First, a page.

“夺妻抢房” 律师刘士辉打破沉寂揭迫害 [Chinese Lawyer Loses Wife and
House for Posting a Jasmine Revolution Message]
Chinese Lawyer Loses Wife and House for Posting a Jasmine Revolution
A recently released Guangzhou lawyer, who
was detained by Chinese authorities for posting a message about the Jasmine
Revolution, has broken his silence about the mistreatment during his 108 days in
Liu Shihui, a civil rights
lawyer from Guangzhou, hasn’t been heard from for over 3 months since his
arrest on Feb. 25.
Five days previously, on Feb. 20, Liu wrote on
Twitter: “I am having a date with Miss Jasmine at People’s Park in Guangzhou at
2 p.m., Feb. 20. There is nothing private about it, onlookers are
On his way to the park Liu was apprehended and beaten by men
believed to be plainclothes police. During the beating Lui’s feet were
fractured, and he was sent to a hospital. From then on, the outside world lost
all contact with him.
After 108 days in detention, Liu was “released on
bail” on June 12 and banished to his ancestral hometown in Inner
But on the afternoon of Aug. 21, Liu started posting messages
on Twitter, talking of some of the ordeals he suffered while in jail, including
torture, having his house confiscated, and his wife–a native of Vietnam–being
In his first message Liu recalled the day when he was arrested. At around 2 a.m. on Feb. 25, police broke
into his home after smashing in the iron door. They took away his computer, books, CDs, files, U-disk, mobile phone,
the stock machine, and more.
and his new Vietnamese wife were arrested.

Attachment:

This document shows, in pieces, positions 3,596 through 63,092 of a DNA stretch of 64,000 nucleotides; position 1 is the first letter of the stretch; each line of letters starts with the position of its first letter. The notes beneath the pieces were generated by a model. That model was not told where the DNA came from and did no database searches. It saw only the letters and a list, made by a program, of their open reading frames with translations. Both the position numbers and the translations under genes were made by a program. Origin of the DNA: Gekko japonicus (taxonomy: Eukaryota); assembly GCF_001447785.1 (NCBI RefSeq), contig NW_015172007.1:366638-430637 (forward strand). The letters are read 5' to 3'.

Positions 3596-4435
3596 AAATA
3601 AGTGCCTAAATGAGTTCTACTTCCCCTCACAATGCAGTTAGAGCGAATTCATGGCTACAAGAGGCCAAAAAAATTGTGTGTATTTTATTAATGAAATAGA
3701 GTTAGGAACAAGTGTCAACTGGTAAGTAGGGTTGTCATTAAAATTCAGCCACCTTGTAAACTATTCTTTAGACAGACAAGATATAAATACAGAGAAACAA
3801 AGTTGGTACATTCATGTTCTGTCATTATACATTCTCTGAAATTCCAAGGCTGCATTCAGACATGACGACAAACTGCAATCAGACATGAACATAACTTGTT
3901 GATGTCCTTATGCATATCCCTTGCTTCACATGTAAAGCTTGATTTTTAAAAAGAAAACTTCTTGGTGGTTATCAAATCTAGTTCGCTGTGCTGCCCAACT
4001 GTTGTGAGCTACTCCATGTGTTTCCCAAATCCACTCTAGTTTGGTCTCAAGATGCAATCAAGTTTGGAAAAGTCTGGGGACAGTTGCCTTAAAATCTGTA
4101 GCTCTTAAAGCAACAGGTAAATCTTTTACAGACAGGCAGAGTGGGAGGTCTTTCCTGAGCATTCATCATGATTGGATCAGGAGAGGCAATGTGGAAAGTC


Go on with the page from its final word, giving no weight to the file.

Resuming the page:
Liu said he repeatedly pleated
with the police to go easy on his wife, telling them that she is a foreigner who
doesn’t speak Chinese, and asking them to show legal documents for her arrest.
But they still took his wife away, saying it was in response to a “crime
Liu’s wife was deported to Vietnam after being illegally held for
After being arrested, police interrogated Liu day and night and deprived him
of sleep for five continuous days. His injured left leg became swollen to twice
its normal size, Liu wrote on his Twitter.
But what pained him the most
was to lose his wife and his home, and the uncertainty of how his wife was being
treated, he said.
“My wife was in their hands for 17 days. What happened
during that time? I know nothing at all.”
Liu said, in addition, domestic
security officials made up lies about him to his wife. They told him later that,
when they deported his wife, they told her he was being charged with a financial
crime because he had cheated someone.
“It implied that I am a swindler.
My marriage dream is broken. I’ll harbor a grudge for life. What breaks my heart
most is that my newly-married wife does not even know why I wasarrested. She
left China with misunderstandings.”
Liu also found after his return that
everything on his computer had been wiped out. All of his personal and
work-related data, about 50-60 G was deleted, and his hard drive was
“That’s my entire legal career of more than a decade and my
entire private world. All is gone,” Liu said.
Liu said he is now
seriously ill and has trouble sleeping. He said in addition to his wife and the
house being gone, he is also being deprived of collecting legal fees of more
than 300,000 yuan (approximately US$47,000). When he was banished from
Guangzhou, it meant all his ownership rights there were gone.
that the things he exposed were only a little bit of what happened, but he feels
better after speaking out as otherwise he fears he might have “exploded,” he
After the popular uprisings in the Middle East and North Africa,
the Chinese Communist authorities have been extremely fearful of the same thing
happening in China. Human rights lawyers, who
dared to speak out, have gone missing one after another after
Most of them have now been released. Although authorities
ordered them to keep silent about abuse inflicted during detention, some have
spoken about it, including Tang Jitian, Li Tiantian, Jin Guanghong, and others.
(Report)Bao Tong, political secretary to former [ousted] Chinese Premier Zhao Ziyang,
once said, “If lawyers can’t be free of fear, this country has big
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